odds & ends

This Saturday it’ll be a year since I moved to California. I’ve lived in New York my whole life, never needed a car, failed the road test three times because I couldn’t parallel park and then my license expired because why bother? Now I think about all the places I can go if I got a car. I think about geography, a terrain not yet navigated and a year is nothing, a blip because there’s so much about being here left to explore.

I first thought of California when I considered transferring to USC for film/writing during my sophomore year, and for the next fifteen years, I flirted with the idea of moving here. I never did it until I did and my only regret is that I didn’t do it sooner.

I don’t think I could’ve gone through the necessary introspection and work had I still lived in Brooklyn because I grew uncomfortably comfortable. I don’t know if I would’ve written a book that finally ends with hope if I still lived in NY. I don’t know if I would’ve been a calmer, quieter, chill person if I still lived in NY. Who knows, right? This journey is far from over and it’s private, strange, wonderful and it requires constant work. There is no taking a day off or sleeping in because nothing frightens me more than going back to that dark country that occupied me in February.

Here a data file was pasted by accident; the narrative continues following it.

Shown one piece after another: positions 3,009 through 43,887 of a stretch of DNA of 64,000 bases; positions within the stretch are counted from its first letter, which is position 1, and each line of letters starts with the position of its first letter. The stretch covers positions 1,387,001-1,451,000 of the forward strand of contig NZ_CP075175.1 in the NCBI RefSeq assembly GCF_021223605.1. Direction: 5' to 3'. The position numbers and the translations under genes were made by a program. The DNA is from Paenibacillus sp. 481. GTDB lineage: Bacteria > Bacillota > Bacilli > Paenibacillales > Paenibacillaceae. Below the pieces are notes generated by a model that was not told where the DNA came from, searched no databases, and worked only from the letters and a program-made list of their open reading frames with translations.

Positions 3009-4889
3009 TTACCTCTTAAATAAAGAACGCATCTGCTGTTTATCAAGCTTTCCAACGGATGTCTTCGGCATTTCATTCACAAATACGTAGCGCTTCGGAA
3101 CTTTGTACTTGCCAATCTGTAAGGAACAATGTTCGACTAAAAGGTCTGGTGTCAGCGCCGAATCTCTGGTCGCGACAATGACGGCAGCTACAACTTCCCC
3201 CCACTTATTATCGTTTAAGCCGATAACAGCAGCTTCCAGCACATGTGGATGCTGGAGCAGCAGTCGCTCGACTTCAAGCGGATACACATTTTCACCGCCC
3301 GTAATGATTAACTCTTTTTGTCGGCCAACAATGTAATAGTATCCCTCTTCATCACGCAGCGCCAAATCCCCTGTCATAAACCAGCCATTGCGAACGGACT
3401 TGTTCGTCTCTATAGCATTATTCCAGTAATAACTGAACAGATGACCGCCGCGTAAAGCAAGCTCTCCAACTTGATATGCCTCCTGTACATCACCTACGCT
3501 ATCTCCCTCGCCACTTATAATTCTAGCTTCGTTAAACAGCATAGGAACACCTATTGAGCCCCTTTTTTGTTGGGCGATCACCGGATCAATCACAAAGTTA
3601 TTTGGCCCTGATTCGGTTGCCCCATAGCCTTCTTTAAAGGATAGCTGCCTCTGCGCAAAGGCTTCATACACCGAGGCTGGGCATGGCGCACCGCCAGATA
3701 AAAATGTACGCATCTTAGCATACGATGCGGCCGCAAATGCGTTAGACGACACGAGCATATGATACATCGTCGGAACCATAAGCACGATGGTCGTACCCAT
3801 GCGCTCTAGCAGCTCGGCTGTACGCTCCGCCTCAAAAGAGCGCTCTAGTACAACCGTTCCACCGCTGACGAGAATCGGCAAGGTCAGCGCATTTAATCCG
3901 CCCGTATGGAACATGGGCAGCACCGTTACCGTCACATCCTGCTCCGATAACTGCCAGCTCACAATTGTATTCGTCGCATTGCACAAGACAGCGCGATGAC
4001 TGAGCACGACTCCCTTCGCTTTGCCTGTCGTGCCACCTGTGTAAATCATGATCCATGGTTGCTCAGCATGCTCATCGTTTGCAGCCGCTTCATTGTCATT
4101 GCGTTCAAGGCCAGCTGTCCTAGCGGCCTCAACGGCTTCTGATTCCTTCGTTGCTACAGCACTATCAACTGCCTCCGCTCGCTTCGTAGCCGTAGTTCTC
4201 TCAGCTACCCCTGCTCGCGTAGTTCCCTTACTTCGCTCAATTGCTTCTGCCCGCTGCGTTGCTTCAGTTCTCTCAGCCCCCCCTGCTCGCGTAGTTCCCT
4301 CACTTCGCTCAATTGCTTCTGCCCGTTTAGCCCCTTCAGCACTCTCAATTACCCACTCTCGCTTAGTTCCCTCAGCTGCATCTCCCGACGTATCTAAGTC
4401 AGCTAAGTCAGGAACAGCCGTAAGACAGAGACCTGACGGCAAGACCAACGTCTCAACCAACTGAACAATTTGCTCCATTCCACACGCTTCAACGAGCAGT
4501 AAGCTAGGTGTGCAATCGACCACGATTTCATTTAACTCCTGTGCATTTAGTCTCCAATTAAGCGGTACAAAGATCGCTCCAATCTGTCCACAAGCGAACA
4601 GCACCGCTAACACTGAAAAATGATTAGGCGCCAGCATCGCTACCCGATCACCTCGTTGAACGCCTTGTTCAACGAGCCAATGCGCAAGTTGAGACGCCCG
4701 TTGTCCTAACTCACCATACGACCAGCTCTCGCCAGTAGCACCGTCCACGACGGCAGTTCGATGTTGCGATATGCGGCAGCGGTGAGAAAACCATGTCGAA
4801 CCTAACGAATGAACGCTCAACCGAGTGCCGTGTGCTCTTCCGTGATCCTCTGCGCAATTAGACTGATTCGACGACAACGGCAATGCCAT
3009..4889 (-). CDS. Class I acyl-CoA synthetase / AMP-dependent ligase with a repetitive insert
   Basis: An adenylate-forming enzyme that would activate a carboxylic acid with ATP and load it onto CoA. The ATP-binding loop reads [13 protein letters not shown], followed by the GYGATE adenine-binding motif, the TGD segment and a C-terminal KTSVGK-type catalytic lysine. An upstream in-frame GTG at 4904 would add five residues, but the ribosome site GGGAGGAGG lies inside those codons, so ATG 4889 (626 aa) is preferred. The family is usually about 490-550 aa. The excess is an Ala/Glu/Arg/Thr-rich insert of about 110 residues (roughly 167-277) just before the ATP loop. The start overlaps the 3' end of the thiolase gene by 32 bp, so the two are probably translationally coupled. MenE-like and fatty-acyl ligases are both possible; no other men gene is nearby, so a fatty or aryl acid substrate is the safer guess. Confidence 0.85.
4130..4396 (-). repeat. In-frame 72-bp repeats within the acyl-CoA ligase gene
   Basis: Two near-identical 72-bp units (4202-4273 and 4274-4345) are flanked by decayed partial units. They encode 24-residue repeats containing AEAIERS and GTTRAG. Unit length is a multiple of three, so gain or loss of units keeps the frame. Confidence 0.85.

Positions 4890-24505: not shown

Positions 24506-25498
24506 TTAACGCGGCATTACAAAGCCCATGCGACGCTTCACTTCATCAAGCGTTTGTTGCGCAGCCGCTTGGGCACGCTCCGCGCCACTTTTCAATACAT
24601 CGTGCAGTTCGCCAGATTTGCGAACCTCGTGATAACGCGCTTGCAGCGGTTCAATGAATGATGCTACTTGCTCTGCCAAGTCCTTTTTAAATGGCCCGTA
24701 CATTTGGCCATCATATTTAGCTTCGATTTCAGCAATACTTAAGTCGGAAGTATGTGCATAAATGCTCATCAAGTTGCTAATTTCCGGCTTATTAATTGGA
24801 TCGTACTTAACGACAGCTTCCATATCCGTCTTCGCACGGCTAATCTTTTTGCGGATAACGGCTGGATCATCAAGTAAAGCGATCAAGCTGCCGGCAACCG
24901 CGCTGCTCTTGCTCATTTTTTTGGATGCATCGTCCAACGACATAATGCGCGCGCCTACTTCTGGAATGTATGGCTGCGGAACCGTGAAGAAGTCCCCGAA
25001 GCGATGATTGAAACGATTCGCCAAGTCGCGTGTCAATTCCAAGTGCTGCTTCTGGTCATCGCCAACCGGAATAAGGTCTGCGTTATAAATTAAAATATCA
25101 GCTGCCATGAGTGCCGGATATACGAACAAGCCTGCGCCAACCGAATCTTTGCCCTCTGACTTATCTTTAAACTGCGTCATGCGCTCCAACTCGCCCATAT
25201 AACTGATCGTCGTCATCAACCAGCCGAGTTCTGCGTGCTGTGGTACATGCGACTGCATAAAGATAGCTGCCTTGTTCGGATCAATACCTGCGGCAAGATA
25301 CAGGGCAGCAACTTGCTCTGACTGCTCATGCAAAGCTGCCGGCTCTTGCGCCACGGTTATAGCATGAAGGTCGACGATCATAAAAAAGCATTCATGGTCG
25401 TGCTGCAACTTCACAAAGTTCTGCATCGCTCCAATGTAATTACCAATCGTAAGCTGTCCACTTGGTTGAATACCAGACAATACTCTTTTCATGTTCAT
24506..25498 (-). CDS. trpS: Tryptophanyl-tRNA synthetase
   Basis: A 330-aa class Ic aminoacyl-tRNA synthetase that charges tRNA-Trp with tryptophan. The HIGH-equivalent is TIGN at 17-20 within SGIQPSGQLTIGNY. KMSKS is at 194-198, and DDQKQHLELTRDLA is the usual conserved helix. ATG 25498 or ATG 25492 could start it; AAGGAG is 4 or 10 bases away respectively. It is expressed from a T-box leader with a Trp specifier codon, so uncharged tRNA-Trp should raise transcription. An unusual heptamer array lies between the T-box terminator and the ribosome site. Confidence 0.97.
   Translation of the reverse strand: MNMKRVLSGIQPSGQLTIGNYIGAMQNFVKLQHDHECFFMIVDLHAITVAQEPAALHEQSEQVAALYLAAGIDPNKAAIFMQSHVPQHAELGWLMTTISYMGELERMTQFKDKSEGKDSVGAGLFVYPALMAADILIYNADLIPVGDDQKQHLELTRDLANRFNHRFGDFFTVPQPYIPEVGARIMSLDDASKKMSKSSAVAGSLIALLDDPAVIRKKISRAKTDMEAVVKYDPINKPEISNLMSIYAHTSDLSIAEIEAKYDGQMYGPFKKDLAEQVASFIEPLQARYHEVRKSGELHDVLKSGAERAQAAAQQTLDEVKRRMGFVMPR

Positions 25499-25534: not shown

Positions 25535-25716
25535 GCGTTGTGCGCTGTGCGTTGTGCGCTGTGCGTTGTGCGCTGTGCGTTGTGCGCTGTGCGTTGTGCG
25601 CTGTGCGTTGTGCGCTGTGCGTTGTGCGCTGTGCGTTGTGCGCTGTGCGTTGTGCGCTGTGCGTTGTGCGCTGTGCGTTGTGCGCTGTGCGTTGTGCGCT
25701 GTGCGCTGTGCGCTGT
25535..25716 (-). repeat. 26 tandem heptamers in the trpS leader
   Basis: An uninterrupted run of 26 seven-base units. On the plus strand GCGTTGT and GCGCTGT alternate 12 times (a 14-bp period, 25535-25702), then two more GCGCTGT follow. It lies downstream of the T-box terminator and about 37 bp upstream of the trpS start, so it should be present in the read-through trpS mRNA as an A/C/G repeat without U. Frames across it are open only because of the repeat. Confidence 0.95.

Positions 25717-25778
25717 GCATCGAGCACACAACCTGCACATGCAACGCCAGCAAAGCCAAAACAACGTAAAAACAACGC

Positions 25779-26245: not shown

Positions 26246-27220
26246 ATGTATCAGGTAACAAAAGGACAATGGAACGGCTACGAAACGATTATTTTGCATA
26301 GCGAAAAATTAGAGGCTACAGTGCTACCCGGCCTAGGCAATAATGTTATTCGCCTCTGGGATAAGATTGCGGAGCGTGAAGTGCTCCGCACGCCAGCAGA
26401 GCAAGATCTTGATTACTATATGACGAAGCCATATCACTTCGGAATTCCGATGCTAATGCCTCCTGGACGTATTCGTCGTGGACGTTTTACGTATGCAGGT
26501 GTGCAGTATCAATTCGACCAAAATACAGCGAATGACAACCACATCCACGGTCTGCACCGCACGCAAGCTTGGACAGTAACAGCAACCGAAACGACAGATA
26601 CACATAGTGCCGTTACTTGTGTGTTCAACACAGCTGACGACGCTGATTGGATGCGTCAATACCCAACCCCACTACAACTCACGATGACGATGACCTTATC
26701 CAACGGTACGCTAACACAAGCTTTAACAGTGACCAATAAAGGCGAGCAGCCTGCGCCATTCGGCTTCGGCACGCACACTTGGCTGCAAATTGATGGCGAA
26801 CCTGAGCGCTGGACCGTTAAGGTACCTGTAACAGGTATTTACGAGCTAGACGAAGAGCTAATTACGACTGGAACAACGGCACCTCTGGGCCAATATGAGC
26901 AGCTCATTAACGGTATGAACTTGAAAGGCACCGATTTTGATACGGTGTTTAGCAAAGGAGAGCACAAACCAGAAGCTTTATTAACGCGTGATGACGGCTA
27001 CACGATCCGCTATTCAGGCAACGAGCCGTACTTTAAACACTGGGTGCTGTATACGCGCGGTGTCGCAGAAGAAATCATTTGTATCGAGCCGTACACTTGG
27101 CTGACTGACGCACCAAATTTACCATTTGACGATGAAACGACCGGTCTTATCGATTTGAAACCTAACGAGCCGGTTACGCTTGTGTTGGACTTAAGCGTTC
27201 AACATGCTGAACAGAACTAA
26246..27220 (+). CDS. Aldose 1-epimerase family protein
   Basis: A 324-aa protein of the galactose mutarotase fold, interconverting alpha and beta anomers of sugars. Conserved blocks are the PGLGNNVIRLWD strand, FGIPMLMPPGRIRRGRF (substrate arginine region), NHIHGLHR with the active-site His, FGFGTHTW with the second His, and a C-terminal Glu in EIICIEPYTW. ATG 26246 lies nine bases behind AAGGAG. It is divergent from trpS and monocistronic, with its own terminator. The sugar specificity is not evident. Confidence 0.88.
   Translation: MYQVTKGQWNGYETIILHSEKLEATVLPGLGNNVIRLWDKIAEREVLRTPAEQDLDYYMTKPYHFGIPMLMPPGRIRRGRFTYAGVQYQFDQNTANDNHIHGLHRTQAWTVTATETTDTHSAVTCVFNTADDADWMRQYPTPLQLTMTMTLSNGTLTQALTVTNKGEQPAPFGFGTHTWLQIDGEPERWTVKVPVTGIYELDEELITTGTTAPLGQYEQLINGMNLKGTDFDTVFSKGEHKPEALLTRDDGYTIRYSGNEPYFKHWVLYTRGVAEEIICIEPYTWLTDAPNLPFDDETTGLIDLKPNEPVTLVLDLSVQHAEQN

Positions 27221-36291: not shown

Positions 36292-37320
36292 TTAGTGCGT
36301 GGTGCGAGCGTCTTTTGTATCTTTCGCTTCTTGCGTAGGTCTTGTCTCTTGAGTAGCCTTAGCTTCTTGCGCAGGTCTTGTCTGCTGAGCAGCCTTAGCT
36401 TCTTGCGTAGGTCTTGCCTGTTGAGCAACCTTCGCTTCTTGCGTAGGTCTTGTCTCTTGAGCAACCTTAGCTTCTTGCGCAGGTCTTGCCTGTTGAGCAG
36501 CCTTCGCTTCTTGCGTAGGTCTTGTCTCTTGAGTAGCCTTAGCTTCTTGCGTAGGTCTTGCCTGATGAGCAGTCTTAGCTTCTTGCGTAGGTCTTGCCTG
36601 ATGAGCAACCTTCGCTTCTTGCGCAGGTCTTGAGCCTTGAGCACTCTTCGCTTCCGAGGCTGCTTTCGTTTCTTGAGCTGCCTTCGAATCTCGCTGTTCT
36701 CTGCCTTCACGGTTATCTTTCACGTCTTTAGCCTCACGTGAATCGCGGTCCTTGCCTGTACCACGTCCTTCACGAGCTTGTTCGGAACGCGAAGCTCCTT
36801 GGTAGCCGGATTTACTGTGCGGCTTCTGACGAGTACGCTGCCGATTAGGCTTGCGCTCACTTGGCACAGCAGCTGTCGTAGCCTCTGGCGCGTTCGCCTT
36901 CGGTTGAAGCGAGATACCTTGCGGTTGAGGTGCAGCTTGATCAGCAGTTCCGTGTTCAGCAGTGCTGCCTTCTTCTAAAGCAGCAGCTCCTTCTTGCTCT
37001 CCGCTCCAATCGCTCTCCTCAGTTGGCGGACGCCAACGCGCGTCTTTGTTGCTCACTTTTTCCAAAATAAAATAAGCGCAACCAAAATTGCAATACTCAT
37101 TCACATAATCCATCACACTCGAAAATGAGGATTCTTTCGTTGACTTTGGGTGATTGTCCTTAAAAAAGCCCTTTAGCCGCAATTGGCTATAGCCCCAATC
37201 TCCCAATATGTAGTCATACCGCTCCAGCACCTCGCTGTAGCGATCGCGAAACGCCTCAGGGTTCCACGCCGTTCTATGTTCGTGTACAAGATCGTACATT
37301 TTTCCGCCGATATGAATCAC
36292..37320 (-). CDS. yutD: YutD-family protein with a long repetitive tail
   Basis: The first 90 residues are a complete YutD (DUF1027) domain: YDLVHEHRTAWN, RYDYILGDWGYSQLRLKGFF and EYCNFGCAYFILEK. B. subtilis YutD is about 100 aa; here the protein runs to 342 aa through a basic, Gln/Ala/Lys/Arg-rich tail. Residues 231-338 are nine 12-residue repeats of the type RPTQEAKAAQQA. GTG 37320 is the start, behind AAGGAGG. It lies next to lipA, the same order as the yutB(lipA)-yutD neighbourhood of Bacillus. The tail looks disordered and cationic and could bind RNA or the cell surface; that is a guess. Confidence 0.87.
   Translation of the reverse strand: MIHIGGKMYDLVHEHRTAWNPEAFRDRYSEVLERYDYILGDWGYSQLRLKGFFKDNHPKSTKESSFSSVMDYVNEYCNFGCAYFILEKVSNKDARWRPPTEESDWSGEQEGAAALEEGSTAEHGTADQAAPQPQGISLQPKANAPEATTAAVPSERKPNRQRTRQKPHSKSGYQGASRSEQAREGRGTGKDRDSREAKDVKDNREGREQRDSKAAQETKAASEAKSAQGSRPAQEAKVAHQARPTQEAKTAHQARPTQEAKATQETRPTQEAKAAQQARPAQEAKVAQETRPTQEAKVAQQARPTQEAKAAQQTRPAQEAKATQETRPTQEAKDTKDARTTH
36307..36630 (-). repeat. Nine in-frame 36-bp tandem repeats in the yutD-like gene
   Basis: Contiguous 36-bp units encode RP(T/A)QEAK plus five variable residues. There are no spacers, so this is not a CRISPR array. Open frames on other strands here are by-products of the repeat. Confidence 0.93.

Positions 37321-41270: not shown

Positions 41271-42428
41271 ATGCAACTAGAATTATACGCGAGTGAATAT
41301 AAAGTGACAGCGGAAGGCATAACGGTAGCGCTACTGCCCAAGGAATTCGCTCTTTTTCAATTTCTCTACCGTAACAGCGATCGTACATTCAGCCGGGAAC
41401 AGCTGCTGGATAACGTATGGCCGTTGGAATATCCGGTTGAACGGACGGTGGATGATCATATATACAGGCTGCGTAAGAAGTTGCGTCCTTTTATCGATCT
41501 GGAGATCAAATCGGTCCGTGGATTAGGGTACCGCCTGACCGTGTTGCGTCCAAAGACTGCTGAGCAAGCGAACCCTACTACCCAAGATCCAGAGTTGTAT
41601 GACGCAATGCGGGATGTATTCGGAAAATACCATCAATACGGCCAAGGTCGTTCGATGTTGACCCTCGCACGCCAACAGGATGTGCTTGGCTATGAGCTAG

It’s been a relief not documenting as much online as I used to, and although I know I have a book coming out and I have to market it, blah, blah, blah, I don’t believe in doing something unless it makes you bolt out of bed. The strained effort shows and people are smart and they know when you’re phoning it in. I used to be excited about sharing everything, but that edited version of your life comes with costs you hadn’t quite calculated.

What I will say is this. Things are good. Really good. I finally feel settled, at home in all the ways you can think of the word.